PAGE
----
Tag: anna konkle

“Rosewood” (FOX) pilot preview: Another DOA boring procedural we don’t need…


Written & produced by Todd Harthan (Psych, Crash, The Kill Point). Co-produced by Wyck Godfrey & Marty Bowen (Revenge, Twilight). Directed by Richard Shephard (Girls, Ringer, Dom Hemingway). For FOX, 20th Century FOX Television & Temple Hill Entertainment (57 pages).

Description: The brilliant Dr. Beaumont Rosewood, Jr. is the top private pathologist in Miami. As owner of one of the most sophisticated, state-of-the-art independent labs in the country, he finds the secrets in bodies that others usually miss. Despite being constantly surrounded by death, Rosewood is obsessed with life and savors every moment. His eternal optimism will frustrate the cynical female detective he often works with, but she can’t argue with the results that his unique perspective provides…

With Morris Chestnut (V, Legends, Nurse Jackie, American Horror Story), Jaina Lee Ortiz, Maggie Elizabeth Jones (We bought a zoo, Ben & Kate), Gabrielle Dennis (The Game, Blue Mountain State), Anna Konkle

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Gosh! If Rosewood gets a series order instead of Lucifer, FOX’s new bosses will deserve to burn in hell! I might be over dramatic, I probably won’t even watch Lucifer myself past the pilot, but I really think it has a chance to shine because it’s effortlessly light, fun, sexy and well… I already told you all about it (Read the preview). Rosewood tries to be all of those things but way too hard, plus it’s another example of diversity pushed a little too far. Our hero is an african-american, and that’s totally OK. He has an (obviously african-american) sister, who is a lesbian. That’s a lot but it’s OK too. And his new partner is, of course, a hot chica latina. Isn’t it too much? In Miami, it totally makes sense. But is Rosewood just an excuse to make yet another -boring- procedural, but with a diverse cast this time? I suspect it is. I’m all for diversity, but not when it’s just for the sake of it. Or I’m just tired of it after reading so many pilots doing the exact same thing, because it has now become an obligation it seems. For all those reasons, and some more, I think FOX can do better than that and should forget about it!

Rosewood is like Bones, but with less bones and more flesh. You have your predictable autopsy scenes when the so smart and cocky medical examiner always find the creepiest thing in the most unexpected part of the victim’s body that leads the investigation towards some strange guy, who turns out to be just strange, but who gives a very important information without even knowing it that leads to another suspect… and so on, until they discover the killer was the victim’s jealous yoga teacher! It’s not exactly what happens, but you get the idea. We’ve seen it all a thousand times and I don’t even understand how so many people are still looking for just that on TV. But it seems they do. Less and less, but still. They’re enough to stimulate the network’s creative teams around new projects that are just painfully old. Rosewood is already 10 years old when the pilot ends. The dynamic of the duet at the center is like Castle‘s, The Mentalist‘s or Forever‘s and the central character, Beaumont Rosewood, is a new iteration of Gregory House, without the humor that made him so unique, unforgettable and irreplaceable (and it’s not a fan speaking!). And let’s not forget Morris Chestnut is a bad actor, and certainly not FOX’s first choice (otherwise, they would have cast him as the american Luther!). But hey, more talented black actors had 10 other offers, probably more interesting than this one. So here we are…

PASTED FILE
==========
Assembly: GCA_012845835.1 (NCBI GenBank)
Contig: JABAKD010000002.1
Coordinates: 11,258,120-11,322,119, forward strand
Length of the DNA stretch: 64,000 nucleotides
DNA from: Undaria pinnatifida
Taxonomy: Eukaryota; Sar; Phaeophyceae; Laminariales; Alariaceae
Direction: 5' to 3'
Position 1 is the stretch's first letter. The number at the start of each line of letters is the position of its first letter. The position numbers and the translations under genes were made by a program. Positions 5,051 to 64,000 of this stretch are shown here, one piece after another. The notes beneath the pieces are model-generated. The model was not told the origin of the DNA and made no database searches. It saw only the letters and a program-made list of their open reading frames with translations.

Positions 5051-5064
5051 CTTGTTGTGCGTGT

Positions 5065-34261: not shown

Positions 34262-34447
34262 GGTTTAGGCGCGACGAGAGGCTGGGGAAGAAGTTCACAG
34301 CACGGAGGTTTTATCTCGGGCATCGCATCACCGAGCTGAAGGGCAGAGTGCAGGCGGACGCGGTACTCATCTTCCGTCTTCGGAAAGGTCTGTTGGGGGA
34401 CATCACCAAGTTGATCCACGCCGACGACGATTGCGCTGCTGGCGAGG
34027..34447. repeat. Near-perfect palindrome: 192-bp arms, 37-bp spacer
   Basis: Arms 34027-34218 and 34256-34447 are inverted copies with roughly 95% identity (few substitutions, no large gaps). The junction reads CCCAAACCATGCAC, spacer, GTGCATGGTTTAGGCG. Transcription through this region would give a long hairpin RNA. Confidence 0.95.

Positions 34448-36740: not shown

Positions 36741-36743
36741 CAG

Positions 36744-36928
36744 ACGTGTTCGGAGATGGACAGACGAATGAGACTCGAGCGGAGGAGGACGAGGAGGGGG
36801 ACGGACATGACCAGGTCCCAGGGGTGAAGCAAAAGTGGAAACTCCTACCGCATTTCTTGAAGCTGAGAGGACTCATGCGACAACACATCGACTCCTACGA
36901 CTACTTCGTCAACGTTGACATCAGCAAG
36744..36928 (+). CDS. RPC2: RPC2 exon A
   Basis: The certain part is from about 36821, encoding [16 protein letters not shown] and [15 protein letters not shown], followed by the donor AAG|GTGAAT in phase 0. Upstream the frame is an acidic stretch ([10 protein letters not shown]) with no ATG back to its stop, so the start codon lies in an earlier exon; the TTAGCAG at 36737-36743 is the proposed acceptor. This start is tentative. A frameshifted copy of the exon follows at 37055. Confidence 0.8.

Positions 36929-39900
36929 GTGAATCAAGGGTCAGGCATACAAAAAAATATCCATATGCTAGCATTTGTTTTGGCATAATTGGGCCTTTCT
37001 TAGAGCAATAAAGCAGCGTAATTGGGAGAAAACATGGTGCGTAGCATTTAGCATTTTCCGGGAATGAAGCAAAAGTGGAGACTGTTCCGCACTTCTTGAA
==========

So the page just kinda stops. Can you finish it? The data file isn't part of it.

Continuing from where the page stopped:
Rosewood is DOA. Dead on arrival. It’s boring and it has zero originality -except if you consider diversity as an originality of some sort. Forever had an immortal hero, that helped building a mythology around him, playing with time, secrets… Lucifer, well… it’s the king of Hell! That’s different! Rosewood is just a sick pathologist helping a poor female cop while hoping getting inside her pants sooner or later. Like dear Valerie Cherish would say: “I don’t need to see that!“. And you don’t either, believe me.